Johannesburg – Until Covid-19, small businesses have been flexing muscles.
Small businesses have, without much fanfare, slowly taken over more of the turnover pie.
In 2013, small business generated 16% of total turnover in the formal business sector, expanding to 22% in 2019.
The contribution of large business waned over the same period from 75% to 68%, according to Statistics South Africa.
Small businesses are now counting their loses, others are in liquidations and insolvencies, while many unregistered small businesses probably suffered mild to severe stroke or died natural deaths.
Many of the small businesses would not be able to make a comeback as they lived from hand to mouth.
To make matters worse, on January 11 President Cyril Ramaphosa extended South Africa’s adjusted level 3 lockdown with more tougher restrictions.
Surely we must heed the call by Ramaphosa to comply with all the regulations in order to flatten the curve given that more than 1.2-million cases have been reported in the country, with over 33 000 deaths recorded.
The numbers are scary and growing exponentially. But where does all of these regulations put black business?
The South African economy can no longer afford any more beatings. Amid the Covid-19 pandemic, blackowned businesses have been hit the hardest with no savings, no insurance and no contingency plans.
According to the Institute of Race Relations, only 10.5% of blacks are covered by private medical insurance, compared to 72.7% of whites. You may want to translate these numbers into insuring black businesses against the worst possible scenarios. What is to be done?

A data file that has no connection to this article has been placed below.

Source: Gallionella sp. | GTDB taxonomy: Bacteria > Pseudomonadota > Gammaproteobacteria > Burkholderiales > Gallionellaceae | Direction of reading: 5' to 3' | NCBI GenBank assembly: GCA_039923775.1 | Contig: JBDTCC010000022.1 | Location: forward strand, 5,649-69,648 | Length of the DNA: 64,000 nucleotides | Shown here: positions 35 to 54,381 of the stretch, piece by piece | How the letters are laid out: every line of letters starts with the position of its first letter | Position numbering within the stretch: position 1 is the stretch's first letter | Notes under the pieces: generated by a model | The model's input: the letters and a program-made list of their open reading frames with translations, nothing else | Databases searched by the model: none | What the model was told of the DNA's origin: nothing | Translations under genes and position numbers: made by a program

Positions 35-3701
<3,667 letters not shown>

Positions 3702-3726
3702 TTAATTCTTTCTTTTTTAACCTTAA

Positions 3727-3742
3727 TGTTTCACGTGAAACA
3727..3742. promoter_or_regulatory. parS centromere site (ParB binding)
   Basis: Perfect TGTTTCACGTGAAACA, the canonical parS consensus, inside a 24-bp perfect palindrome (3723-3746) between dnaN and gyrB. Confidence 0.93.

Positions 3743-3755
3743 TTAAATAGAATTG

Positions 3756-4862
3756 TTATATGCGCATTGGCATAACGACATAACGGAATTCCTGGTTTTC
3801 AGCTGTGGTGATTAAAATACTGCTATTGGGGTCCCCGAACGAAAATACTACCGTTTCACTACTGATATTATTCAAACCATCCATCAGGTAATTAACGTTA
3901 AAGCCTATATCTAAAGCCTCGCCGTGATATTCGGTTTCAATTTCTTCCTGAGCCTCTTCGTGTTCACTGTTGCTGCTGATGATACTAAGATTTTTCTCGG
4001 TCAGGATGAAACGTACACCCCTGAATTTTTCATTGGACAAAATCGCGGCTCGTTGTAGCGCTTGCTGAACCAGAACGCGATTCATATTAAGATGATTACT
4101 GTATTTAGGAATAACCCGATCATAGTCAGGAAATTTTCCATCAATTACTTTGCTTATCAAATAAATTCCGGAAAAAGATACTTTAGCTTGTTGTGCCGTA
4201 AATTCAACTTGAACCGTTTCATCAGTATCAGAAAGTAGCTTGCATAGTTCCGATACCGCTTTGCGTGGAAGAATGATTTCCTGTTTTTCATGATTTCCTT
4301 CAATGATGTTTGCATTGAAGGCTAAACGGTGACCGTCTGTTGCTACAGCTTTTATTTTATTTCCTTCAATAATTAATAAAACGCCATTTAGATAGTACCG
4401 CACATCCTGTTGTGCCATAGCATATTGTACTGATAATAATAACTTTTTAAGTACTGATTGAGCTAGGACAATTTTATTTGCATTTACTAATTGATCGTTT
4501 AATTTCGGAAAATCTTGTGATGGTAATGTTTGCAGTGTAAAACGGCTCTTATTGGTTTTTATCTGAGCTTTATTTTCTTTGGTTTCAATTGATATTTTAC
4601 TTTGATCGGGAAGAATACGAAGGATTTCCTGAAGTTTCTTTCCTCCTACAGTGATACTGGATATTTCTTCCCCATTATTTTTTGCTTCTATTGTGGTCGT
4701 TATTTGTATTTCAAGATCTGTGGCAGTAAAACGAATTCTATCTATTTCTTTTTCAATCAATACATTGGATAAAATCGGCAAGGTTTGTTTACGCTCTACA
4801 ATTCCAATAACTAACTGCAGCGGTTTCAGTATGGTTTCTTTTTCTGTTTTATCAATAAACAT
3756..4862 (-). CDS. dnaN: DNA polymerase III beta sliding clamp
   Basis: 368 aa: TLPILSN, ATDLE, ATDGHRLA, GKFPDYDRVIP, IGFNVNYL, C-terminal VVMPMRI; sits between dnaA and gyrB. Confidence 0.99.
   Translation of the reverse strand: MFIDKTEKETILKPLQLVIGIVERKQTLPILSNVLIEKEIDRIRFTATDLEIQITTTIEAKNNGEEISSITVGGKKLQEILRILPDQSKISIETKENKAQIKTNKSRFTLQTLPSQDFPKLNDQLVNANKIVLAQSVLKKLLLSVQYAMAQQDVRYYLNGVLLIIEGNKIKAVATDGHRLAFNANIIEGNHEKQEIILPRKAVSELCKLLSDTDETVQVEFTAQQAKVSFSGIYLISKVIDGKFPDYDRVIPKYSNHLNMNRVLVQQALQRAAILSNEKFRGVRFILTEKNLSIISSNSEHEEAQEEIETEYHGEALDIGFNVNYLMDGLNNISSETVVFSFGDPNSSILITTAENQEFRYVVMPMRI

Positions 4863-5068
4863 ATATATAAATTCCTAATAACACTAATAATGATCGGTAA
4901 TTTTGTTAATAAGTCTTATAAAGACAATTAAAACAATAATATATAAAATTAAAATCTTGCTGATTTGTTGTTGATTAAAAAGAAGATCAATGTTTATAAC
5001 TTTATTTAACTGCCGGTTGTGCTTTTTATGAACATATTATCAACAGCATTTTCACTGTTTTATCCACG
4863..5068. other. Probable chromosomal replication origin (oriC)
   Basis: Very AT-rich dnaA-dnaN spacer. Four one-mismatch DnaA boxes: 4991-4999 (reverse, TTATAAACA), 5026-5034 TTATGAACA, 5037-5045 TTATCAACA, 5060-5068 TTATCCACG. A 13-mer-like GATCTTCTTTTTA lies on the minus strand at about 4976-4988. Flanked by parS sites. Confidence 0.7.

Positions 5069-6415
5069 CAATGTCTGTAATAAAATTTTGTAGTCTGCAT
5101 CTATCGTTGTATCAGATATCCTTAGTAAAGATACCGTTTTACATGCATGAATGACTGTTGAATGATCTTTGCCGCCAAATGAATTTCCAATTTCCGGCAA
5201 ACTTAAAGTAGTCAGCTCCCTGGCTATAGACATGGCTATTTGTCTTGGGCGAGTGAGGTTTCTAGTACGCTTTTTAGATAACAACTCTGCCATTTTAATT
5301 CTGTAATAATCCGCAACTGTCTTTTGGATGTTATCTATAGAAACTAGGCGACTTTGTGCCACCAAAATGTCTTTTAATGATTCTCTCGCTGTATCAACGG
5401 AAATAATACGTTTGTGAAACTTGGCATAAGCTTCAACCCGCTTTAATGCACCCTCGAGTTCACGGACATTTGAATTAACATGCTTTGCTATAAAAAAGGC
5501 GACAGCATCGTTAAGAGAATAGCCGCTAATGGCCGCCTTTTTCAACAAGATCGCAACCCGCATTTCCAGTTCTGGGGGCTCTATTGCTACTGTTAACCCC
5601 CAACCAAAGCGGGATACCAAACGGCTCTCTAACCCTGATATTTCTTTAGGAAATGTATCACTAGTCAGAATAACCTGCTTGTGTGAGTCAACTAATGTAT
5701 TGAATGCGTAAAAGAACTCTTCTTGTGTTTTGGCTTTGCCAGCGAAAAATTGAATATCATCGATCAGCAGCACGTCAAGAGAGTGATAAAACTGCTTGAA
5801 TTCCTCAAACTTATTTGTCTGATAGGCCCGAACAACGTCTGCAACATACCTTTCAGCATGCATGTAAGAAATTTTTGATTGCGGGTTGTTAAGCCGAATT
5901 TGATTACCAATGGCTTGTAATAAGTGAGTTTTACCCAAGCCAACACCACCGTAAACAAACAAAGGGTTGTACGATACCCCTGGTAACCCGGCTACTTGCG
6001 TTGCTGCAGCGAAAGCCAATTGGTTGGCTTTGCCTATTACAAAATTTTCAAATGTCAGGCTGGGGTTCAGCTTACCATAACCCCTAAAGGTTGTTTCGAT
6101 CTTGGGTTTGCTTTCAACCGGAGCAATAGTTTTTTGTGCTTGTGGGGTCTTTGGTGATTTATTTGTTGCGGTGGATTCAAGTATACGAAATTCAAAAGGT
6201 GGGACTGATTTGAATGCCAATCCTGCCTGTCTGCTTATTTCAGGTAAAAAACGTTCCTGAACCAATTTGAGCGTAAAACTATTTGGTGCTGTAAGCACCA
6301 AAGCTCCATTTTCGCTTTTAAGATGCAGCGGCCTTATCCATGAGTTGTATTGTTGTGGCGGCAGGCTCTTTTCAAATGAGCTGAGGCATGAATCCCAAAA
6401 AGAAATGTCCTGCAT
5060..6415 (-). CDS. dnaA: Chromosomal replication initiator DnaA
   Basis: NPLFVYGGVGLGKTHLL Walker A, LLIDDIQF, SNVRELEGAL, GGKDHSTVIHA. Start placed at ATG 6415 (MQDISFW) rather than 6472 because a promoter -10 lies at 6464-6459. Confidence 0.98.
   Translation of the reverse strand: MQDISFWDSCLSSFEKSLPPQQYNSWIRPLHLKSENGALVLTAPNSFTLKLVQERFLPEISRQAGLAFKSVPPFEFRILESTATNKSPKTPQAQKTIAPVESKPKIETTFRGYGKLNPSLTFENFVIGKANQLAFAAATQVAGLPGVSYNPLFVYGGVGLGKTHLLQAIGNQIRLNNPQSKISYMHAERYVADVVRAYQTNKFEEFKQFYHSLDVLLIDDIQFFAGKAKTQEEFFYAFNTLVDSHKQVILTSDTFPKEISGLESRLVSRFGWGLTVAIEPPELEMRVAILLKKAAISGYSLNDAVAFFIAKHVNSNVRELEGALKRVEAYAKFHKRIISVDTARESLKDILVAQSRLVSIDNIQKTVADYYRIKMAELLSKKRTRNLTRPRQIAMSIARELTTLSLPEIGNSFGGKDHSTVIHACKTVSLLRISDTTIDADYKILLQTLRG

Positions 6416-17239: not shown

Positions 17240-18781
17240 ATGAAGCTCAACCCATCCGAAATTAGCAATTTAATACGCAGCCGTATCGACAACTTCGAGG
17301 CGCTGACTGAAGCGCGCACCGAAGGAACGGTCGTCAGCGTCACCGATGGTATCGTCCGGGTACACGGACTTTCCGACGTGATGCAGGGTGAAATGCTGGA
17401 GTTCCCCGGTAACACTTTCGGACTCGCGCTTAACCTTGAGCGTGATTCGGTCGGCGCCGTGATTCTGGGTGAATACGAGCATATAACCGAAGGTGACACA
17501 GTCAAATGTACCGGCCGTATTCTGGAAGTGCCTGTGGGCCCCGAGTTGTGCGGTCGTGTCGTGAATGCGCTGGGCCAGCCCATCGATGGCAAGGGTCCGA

The elitist view would probably be quick to point out the need for education, but business principles are the same. Even a street vendor knows that they must preserve cash in order to stock up for the next day.
Small businesses generally have high vulnerability to shocks. Will the township businesses keep up with the fastpaced world of technology or even compete with your Takealots of this world? We need to start thinking big.
Broadband is a game changer.
Consumers are no longer interested in the shop around the corner in today’s competitive market.
Sometimes it is also counter-productive to lay out brilliant plans without first fixing the mindset and business acumen of small businesses.
There are barriers that are holding black business back, some are historical, others man-made. Business evolves, so should you.
Taxi drivers must aspire to own the value chain in their industry such as petrol stations, tyre manufacturing, panelbeating, insurance companies and cooperative banks.
At some point, they tried to own an airline, but it was a long short. But they tried.
Makhafola is a communication consultant.
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